Business and Economics

Business and Economics News

SAVE THE LAST PENCE

By Valentina Magri The Bank of England (BoE) gave us both good and bad news during the presentation of the last inflation report in February. The good news: the UK will be one of the fastest-growing advanced economies, with a GDP growth equal to +2.6 per cent. The bad news: this growth relies too much on consumer spending. Indeed, the inflation report shows that consumption contribution to GDP have risen from 0.4 percentage points of the second quarter of 2013...

The great London housing crisis

By Jack Peat, Editor of The London Economic  The great London housing crisis is a potent example of how capitalist structures fail when left to their own devices. Mayor of London Boris Johnson believes we would be utterly nuts as a society if we "slammed the door" on wealthy foreigners buying property in the capital. Loosely translated, this means that London residents are competing with the top one per cent of wealth in the world in a market that is...

Environmental challenges of urbanisation

By Stephen Angus Peter Junor China’s urbanisation plan is designed to boost the economy by increasing domestic consumption and connecting more people to the global workplace. The government also hope to improve living standards for everyone, but urbanisation can have drastic and irreversible effects on the environment while also reshaping the cultural fabric of the country which has historically been very rural. The last couple of years have seen the urban population outnumber the rural population for the first time in...

Techonomics

By Adam Walker, Economics Correspondent The Digital-Savvy Generation Rises To Power Facebook has acquired mobile phone messaging app WhatsApp for a total of $19 billion, giving them a bigger corporate value than giants such as American Airlines, Ralph Lauren and Tiffany. Launched in 2009 the app was based on a £0.79 subscription model for all of its users. Following the explosive growth of smartphone ownership and the immense popularity of the application it became one of the most prominent pieces of software...

Long Live the Radio

By Stuart Buchanan, Junior Broadcast Executive at 4mediarelations  There was a time when most homes relied on a radio. The wireless, sat in the corner of the kitchen or living room was a key transmitter of news, a primary source of entertainment and a pioneering medium for releasing the latest music and sculpting the latest trends. Whether you were tuning in to the Peel sessions, listening to the King’s Speech, sat in a huddle as Winston Churchill addressed a war-stricken...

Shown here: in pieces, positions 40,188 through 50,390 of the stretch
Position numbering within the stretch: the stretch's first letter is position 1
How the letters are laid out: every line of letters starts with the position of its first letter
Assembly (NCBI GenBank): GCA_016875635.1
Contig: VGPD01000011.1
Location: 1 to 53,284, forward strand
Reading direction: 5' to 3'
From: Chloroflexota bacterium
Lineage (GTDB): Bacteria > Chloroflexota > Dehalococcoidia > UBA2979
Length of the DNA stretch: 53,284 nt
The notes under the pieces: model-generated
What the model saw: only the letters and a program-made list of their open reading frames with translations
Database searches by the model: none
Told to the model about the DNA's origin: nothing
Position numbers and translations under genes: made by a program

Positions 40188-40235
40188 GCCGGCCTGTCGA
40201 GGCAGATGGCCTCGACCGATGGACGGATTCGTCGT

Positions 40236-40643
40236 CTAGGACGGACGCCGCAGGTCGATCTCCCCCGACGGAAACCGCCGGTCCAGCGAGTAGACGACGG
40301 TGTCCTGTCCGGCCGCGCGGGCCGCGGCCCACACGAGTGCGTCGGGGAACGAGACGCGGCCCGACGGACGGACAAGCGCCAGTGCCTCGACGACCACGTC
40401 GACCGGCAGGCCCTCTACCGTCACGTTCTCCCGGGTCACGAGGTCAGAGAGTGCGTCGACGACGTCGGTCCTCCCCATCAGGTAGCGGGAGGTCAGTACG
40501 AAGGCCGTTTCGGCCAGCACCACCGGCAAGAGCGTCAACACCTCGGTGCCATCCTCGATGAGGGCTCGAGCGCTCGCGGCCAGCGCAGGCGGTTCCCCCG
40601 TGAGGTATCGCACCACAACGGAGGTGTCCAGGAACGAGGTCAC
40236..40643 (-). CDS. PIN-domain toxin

The Four Freedoms

By Jack Peat, Editor of The London Economic One of Britain’s biggest exporters shows the power of the four freedoms. In July 2011 the decision of the British government to award a £1.4 billion Thameslink contract to German firm Siemens was met with uproar. To quote the Daily Mail (deplorable but, in this instance, understandable), it was “beggars belief that Bombardier could have lost out to the Germans…. This would never have happened if Britain had put the national and...

Urbanisation and China’s future

By Stephen Angus Peter Junor Since economic reforms implemented by Deng Xiaoping in the late 1970’s, urbanisation in China has been relentless and it shows no signs of slowing down. Poor economic policy along with labour and market restrictions had previously suppressed urban growth, but since then China has developed into a major economic and political power. The city remains the hallmark of urban growth and the development of new cities has been rapid.  In 1978 there were 191 cities in...

Storm in a coffee cup

By Philip Benton  Vietnam is a country famous for its delicious cuisine, motorbikes and thanks to Top Gear’s Vietnam Special, massive model boats. But perhaps you were unaware that it also plays an instrumental role in producing the world’s second most valuable traded commodity – coffee. A thriving coffee industry has helped to transform an economy, devastated by a 30-year long war, but can coffee sustain the rapid economic growth of Vietnam? An unlikely success story Vietnam is the world’s...

The four enemies of the British recovery

by Valentina Magri According to IMF forecasts, Britain will enjoy a bigger increase in GDP than any other country in Europe after being upgraded from 1.9 per cent to 2.4 per cent. But there are at least four risk factors that may weaken the recovery. Puzzling politics There is a complicated political background to deal with this year. To start with, David Cameron has promised British people “reform first, referendum second” over Europe exit by the end of 2017. The...

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